These are the top ten stories based on views over the last week.
Kenya's former women's only world record holder in 10km road race Agnes Tirop is dead.
Tirop was found dead in her house on Wednesday morning, in what Athletics Kenya said is a suspected homicide.
Athletics Kenya confirmed the shocking news in a statement.
"Atheltics Kenya are this afternoon distraught to learn about the untimely death of World 10,000 meters bronze medalist Agnes Tirop," AK said.
"Kenya has lost a jewel who was one of the fastest-rising athletics giants on the international stage, thanks to her eye-catching performances on the track... We pray that God may grant strength to family and friends at this difficult time."
By the time of going to press, police officers from the forensics unit in Eldoret had sealed off the home of the athlete, whose decorated performances also includes a World Cross Country title in 2015.
The 25-year-old long distance runner, was part of Team Kenya for the Tokyo Olympics where she finished just outside the medals bracket in fourth behind winner Sifan Hassan of the Netherlands, Hellen Obiri and Ethiopia's Gudaf Tsegay.
Tirop set the new world record in 10km road race after clocking 30:01 during the Adizero Road to Records event in Herzogenaurach, Germany on September 12 this year.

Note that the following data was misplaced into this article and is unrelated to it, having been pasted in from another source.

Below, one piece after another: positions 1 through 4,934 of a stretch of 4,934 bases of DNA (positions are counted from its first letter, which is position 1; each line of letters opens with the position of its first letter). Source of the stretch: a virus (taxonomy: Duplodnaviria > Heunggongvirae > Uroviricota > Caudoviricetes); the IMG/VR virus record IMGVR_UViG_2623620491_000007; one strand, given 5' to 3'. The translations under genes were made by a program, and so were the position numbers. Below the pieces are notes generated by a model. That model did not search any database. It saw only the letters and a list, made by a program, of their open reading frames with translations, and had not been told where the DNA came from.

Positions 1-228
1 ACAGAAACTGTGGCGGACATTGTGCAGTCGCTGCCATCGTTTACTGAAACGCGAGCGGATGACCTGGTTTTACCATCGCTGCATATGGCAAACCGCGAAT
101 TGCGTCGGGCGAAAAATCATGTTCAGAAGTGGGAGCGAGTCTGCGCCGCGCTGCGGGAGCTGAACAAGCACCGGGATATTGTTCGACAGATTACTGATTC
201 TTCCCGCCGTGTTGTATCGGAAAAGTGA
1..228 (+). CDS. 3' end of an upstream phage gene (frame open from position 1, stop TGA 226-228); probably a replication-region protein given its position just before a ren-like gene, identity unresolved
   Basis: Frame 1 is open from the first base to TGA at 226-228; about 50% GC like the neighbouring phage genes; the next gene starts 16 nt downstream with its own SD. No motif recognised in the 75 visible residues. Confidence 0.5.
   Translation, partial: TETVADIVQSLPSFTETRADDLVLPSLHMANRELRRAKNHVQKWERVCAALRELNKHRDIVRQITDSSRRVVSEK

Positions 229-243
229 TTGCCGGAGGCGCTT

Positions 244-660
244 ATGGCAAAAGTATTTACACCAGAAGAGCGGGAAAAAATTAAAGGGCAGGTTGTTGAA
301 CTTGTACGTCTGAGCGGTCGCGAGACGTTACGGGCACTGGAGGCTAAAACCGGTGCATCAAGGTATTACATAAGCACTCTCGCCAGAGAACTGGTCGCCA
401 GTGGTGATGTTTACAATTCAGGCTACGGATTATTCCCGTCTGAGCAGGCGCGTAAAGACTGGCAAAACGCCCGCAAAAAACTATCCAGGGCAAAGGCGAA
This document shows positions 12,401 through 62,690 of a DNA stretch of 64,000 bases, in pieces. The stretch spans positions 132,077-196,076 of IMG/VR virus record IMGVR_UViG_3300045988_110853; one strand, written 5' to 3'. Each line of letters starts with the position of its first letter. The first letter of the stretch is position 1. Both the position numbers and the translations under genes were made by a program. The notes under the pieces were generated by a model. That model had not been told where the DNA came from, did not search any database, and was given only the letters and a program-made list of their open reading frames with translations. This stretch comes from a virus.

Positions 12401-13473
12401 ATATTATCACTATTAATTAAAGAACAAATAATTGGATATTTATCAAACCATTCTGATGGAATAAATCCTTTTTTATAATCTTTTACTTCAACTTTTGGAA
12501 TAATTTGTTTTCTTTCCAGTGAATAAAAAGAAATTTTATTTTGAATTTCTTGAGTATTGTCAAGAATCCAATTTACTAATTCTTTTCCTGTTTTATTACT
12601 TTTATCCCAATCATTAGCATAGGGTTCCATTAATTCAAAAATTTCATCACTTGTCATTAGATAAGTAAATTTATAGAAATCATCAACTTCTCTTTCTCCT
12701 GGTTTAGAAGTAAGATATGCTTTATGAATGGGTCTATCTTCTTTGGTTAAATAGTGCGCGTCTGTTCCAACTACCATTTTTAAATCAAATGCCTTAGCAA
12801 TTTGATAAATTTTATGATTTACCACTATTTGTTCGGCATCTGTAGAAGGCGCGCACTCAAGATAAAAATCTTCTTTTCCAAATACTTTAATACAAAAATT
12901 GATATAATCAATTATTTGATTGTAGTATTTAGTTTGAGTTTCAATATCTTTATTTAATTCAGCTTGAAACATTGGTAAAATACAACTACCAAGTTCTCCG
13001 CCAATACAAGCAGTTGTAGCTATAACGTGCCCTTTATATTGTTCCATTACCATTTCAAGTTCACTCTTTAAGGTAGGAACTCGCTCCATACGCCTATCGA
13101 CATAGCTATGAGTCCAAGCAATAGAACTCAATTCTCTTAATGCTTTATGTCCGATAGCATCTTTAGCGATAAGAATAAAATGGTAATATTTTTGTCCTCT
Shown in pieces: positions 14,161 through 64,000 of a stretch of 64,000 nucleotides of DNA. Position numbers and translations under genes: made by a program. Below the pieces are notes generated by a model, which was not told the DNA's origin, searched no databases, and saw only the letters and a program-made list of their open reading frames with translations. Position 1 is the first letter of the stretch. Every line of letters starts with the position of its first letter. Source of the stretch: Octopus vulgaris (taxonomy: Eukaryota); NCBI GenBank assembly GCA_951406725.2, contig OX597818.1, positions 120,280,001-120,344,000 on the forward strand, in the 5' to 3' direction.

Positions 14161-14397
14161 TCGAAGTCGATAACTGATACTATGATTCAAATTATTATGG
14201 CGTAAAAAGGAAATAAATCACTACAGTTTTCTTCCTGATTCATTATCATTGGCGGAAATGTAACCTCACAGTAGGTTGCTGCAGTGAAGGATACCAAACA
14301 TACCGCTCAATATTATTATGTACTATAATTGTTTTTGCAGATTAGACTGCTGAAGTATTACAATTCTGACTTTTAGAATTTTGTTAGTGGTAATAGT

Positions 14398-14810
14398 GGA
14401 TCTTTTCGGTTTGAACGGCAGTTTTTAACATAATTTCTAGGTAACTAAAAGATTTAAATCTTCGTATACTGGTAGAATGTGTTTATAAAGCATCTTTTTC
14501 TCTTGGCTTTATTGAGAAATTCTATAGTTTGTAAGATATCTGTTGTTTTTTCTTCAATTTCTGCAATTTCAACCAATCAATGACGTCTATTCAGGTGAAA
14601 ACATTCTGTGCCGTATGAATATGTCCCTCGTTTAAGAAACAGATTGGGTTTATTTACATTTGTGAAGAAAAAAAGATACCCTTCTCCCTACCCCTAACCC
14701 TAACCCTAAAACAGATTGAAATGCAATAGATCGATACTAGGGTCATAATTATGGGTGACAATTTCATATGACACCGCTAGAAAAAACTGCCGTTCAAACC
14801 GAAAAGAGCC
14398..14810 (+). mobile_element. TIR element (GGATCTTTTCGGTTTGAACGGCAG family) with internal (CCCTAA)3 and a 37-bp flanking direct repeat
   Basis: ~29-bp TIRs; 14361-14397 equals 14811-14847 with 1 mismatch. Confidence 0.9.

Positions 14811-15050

The event saw athletes participate in the men’s and women’s half marathon race, men’s and women’s 10km road race and the 5km road race in both categories.
Tirop, who took the charge in the last two kilometers, managed to shake off her competitors before crossing the line, lowering Morocco's Asmae Leghzaoui previous record of 30:29 set in New York in 2002.
“I’m delighted by my performance because I didn’t expect to run a world record time. This is a good start as we start another season,” said Tirop after the race.
Kenya's Sheila Chepkurui came in second after running 30:17, while Nancy Jelagat completed the podium sweep in 30:50.
Bahrain’s Kalkidan Gezahegne then lowered the mark last week during the Giants Geneva 10km in Geneva, Switzerland, setting a new world record in 29:38 in a race that Tirop was second. Kenya's steeplechase specialist Celliphine Chespol was third.(10/13/21) Views: 753
A recent study by researchers at Stephen F. Austin State University in Nacogdoches, Tex., compared a number of popular carbon-plated running shoes to determine which models had the biggest effect on running economy (defined as how far and how fast you can run, given the energy available), compared to a traditional racing flat. The study found that Nike Alphafly contributed the greatest improvement to running economy (3.03 per cent). Two other models (Nike Vaporfly 2 and Asics Metaspeed Sky) showed comparable improvements of 2.72 per cent and 2.52 per cent, and these were significantly better than other competitors. The data suggest that the top performance shoes on the market have resulted in an unfair playing field, with Nike and Asics outperforming the other brands.